Also, hasura seeds and hasura migrate commands now accept a required flag --database-name.

Note

As the database connection configuration is now picked up from metadata, it is important to ensure that all the environments use the same env vars to store the database connection strings and the metadata being applied also uses the appropriate env vars.

Upgrade steps

The latest version Hasura CLI comes with a convenience script used to upgrade your CLI project to use config v3. Note that this process is completely independent from your Hasura GraphQL engine server update process.

Pre update checklist / notes

  1. Config V3 is expected to be used with Hasura GraphQL engine versions v2.0.0-alpha.1 and above.
  2. During the update process CLI uses the server as the source of truth, so make sure your server is upto date.
  3. The update process replaces project metadata with metadata on the server.

Step 0: Take a backup

Make sure you take a backup of your Hasura project before upgrading to config v3.

Step 1: Upgrade to the latest CLI

Run:

hasura update-cli

If you are updating to a beta/alpha release

Run:

hasura update-cli --version <version>

Step 2: Upgrade Hasura project to v3

In your project directory, run:

hasura scripts update-project-v3

Your project directory and config.yaml should be updated to v3.

The update script will ask for the name of database the current migrations and seeds correspond to. If you are starting Hasura with a HASURA_GRAPHQL_DATABASE_URL then the name of the database should be default.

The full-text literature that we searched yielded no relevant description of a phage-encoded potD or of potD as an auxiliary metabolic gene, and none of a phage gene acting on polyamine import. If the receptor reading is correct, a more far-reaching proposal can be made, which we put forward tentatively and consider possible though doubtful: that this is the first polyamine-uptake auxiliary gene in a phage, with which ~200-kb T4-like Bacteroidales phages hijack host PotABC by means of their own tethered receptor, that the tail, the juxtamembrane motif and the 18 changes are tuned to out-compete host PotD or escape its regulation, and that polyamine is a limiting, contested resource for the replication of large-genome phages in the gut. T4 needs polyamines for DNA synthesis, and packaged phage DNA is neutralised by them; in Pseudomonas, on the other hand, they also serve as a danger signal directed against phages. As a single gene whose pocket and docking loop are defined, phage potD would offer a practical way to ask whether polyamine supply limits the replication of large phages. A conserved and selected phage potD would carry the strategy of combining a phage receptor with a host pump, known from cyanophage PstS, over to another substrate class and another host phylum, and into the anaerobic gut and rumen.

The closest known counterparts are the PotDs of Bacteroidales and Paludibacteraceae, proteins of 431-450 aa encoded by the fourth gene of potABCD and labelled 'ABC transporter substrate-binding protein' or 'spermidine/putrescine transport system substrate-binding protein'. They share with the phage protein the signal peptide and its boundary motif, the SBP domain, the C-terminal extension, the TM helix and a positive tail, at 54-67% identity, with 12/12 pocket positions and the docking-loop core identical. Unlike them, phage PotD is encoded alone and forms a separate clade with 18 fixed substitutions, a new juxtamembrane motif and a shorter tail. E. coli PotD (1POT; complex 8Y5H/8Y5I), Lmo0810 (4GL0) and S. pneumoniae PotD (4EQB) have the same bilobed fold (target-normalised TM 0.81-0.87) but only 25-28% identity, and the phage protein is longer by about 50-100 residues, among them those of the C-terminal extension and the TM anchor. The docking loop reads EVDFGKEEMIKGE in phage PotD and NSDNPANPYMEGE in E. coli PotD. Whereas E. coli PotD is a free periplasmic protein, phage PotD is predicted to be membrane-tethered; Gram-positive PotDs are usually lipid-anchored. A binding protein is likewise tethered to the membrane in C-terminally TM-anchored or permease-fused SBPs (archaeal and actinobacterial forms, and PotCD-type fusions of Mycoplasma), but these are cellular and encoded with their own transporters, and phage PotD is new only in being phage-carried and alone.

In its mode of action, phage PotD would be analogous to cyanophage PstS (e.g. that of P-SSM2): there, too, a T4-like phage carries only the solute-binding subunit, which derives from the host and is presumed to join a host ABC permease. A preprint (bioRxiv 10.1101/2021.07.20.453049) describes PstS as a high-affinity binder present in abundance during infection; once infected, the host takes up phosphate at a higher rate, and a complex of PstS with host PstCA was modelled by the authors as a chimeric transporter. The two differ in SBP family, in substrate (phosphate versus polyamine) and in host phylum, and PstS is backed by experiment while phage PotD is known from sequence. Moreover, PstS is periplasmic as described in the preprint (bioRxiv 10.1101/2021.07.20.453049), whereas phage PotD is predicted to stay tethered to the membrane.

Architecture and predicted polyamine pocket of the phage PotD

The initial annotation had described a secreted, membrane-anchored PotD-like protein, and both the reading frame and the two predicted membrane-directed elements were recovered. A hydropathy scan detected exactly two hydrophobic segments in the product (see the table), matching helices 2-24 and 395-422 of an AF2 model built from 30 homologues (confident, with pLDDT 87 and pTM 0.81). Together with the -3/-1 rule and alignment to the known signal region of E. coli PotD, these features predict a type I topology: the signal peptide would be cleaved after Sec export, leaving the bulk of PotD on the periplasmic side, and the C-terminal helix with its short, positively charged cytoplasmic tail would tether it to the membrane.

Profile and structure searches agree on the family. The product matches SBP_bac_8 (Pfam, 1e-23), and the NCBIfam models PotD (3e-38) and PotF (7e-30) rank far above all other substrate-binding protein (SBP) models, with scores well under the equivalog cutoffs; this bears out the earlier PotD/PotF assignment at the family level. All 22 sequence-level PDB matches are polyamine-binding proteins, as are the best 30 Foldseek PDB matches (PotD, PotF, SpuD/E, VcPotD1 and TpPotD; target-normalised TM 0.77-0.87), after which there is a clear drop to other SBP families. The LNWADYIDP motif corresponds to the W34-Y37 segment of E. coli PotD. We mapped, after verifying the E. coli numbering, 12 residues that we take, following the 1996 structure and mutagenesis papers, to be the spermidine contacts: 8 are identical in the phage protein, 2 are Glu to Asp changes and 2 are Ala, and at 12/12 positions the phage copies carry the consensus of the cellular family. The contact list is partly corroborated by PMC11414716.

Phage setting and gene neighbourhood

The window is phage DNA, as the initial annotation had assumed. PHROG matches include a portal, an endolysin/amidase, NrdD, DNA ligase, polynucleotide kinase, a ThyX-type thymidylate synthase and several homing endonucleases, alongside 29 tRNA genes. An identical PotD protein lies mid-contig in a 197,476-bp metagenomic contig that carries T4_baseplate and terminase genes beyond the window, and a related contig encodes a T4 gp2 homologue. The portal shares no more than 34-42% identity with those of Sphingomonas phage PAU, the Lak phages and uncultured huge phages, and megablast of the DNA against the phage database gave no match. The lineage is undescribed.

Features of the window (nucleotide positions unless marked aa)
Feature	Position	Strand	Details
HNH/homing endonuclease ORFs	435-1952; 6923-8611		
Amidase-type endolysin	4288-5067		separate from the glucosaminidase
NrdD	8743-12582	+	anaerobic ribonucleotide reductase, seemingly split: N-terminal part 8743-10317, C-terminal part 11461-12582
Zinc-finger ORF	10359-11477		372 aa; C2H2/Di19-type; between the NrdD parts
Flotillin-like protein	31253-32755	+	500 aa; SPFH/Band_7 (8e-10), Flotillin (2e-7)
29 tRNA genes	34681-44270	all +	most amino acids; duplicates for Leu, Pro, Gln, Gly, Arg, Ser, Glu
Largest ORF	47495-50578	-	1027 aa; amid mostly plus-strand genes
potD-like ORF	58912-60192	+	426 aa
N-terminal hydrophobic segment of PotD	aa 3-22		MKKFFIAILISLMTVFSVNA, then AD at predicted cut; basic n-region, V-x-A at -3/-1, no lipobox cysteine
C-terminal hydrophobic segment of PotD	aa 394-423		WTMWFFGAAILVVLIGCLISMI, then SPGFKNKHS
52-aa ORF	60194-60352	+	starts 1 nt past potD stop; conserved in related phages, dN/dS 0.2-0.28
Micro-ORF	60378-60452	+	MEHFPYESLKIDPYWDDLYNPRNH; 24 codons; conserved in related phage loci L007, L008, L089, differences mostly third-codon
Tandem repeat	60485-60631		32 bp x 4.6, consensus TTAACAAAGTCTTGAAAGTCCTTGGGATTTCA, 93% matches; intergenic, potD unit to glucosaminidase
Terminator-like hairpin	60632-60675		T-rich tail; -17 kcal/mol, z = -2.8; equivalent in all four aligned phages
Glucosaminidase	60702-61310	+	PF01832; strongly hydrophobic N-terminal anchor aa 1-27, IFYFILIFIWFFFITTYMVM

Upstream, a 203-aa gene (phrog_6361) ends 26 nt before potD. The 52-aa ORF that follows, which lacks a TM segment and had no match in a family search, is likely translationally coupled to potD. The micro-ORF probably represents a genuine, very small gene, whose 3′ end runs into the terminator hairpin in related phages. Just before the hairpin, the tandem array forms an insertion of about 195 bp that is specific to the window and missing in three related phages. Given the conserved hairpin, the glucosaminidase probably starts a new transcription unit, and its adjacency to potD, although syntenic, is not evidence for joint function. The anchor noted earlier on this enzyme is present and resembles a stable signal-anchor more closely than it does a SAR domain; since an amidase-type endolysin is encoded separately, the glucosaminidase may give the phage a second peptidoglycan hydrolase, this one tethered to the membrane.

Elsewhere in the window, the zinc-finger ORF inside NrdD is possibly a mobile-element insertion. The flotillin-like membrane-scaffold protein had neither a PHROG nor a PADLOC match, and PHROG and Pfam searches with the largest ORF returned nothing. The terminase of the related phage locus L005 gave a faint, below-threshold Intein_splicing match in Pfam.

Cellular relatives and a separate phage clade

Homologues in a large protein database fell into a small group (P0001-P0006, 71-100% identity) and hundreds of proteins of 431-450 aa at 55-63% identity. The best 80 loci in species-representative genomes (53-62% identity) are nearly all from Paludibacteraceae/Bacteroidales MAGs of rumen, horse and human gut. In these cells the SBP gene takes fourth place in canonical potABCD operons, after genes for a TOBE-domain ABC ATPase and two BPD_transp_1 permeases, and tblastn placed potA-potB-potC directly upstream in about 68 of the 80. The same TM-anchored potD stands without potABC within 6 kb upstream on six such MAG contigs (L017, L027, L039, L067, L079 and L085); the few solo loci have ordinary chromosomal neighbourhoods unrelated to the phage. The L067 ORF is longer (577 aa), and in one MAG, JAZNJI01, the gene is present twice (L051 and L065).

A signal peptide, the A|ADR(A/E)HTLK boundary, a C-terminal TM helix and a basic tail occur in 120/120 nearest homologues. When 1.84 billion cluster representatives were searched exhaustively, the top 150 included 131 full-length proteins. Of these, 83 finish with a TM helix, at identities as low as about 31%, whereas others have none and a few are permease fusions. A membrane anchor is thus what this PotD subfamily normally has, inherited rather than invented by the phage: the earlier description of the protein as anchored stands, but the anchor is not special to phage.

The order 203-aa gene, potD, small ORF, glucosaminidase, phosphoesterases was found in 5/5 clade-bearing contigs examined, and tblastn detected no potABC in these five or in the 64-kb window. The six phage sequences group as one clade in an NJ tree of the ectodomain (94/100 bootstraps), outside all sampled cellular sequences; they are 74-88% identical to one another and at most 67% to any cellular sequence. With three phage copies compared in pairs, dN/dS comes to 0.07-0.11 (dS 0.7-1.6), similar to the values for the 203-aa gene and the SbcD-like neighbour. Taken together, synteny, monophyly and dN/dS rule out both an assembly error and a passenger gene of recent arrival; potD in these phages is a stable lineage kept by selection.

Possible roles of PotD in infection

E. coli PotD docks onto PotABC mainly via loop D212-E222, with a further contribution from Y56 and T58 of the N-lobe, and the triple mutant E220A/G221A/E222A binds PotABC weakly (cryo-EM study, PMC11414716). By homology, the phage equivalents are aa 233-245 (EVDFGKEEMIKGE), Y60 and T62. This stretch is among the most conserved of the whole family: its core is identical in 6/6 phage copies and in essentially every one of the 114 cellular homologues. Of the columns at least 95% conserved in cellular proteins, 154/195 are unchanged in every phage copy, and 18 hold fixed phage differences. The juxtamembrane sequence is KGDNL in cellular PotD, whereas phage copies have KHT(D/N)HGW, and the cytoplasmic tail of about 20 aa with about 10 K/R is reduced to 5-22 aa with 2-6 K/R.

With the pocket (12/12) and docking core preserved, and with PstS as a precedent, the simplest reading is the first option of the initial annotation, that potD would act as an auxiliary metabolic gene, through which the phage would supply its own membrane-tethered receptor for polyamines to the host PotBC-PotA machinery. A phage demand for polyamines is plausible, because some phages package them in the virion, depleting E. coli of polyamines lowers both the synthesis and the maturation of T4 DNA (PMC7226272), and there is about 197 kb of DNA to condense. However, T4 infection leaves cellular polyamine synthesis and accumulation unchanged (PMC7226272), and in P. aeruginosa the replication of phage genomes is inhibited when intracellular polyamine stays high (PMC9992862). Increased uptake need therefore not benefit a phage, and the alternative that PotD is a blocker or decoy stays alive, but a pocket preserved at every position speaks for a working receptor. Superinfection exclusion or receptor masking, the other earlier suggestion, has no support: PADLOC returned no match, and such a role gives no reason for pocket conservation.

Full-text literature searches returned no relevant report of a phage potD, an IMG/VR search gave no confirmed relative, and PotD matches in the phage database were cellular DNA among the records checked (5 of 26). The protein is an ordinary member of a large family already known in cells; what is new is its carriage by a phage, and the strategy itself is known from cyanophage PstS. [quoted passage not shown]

Continue using config v2

It is possible to continue using config v2 with Hasura versions v2.0.0 and above if you would like to do so.

While using config v2 with Hasura versions v2.0.0 and above, as we have metadata and migrations for only a single database, the server assumes that they belong to a database named default and attempts to apply them to it.

Hence, to continue using config v2 we need to connect a database to Hasura GraphQL engine with the name default and then run any metadata and migrations commands.

  • If you have connected your database using the HASURA_GRAPHQL_DATABASE_URL env var, the database will be added with the name default automatically.
  • Else you can connect a database with the name default following the steps here.

Post this, the metadata and migration commands should work as usual.

Note

Ensure the version key in config.yaml is set to 2 while using config v2